Women at Work

  • By: Jessica Faust | Date: Jun 21 2022

This tweet by L’Oreal Thompson Payton really hit me hard. I’ve been thinking a lot about women at work. It’s a necessary part of today’s conversation, especially as we face the great resignation. L’Oreal’s tweet was the sign I needed to get this blog out of my head and onto the page.



As the owner of a woman-run business, I’ve paid special attention to the experiences of the women working for me and those we work with. I see how much work women need to do the work.  Still today the majority of household and parenting labor, among other things, falls on women. I’ve had my own experiences with this over the years and faced my own prejudice when it comes to being a working woman.

Motherhood and Work

An experience I had many years ago still sticks with me. When I announced my first pregnancy to my clients, I was shocked at some of the reactions. A few clients, women, openly said they hoped I’d be as tough after I had kids. They questioned my ability to be a parent and an agent. They challenged me in a way that made me question myself. I’d never been a parent before. I didn’t know if I could do both, especially when my business partners (women with kids) didn’t.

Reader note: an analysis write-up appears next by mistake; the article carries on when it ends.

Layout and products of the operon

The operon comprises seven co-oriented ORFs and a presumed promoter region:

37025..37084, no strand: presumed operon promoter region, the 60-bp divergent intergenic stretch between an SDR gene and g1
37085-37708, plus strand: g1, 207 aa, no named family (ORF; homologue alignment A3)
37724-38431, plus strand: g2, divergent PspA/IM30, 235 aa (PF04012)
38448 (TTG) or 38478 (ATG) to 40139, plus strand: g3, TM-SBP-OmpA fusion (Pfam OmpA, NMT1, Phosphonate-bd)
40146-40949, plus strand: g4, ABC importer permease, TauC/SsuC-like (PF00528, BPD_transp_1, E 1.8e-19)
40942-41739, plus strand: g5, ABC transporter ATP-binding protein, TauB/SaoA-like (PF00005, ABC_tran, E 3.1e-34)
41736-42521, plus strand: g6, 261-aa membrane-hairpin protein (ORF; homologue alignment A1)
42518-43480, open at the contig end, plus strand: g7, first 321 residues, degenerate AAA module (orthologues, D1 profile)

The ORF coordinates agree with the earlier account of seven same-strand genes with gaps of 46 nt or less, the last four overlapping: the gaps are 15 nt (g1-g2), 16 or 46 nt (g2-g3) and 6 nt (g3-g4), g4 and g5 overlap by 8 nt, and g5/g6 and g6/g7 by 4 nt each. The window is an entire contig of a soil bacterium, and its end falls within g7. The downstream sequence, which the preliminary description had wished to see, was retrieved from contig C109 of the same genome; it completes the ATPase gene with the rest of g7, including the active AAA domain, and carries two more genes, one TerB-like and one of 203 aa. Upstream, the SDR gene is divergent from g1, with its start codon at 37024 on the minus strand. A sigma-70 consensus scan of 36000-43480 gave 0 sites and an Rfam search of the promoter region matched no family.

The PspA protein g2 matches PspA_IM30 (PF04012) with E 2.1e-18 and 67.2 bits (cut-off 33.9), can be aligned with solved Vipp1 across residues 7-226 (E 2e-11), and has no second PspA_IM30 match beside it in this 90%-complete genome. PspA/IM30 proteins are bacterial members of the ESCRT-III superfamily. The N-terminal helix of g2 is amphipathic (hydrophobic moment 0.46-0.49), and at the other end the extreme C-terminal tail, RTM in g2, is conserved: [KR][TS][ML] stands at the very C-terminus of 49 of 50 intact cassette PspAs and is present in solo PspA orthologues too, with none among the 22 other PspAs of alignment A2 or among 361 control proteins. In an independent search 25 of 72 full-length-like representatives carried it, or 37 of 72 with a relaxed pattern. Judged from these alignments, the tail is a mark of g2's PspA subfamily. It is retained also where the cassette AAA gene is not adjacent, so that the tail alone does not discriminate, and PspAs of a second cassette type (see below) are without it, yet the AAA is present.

So I doubled down. In a way I bet my male colleagues with kids, never had to. I worked harder. I rarely talked about my kids (few even knew I had them) and I kept it that way. I feared that if I shared my experiences as a mother and parent I would be judged critically and lose my edge. Not because I would lose my edge, but because others would view it that way.

These days I watch my male colleagues post photos of their kids and talk about the work of parenting while working and I wonder. Would authors applaud and ooh and ah at a woman who did that in the same way they do when men make those posts? I don’t think so. Not even today. I think today men are still lauded for doing the work of parenting while working. Women are challenged and questioned. Can they really do both?

A Long Way to Go

It wasn’t until 1988 that women were finally able to get a business loan without the requirement of a male cosigner. 19-Freaking-88! WTH. And still, we have a long way to go. We fight harder for our women authors as proved by #publishingpaidme. We challenge readers who harshly criticize books they view as targeted to women only (romance). We still separate our motherhood from our careers–even in the day of Zoom.

I think what was most discouraging about this experience for me and about what I see online is that it’s not just men doing this to women, but women. We can’t expect others to make the change we want and support us in our fight if we aren’t supporting each other.

So to all of you moms running the world and your business and a career. I applaud you. I know you can do it all. I’m sad that you still have to.




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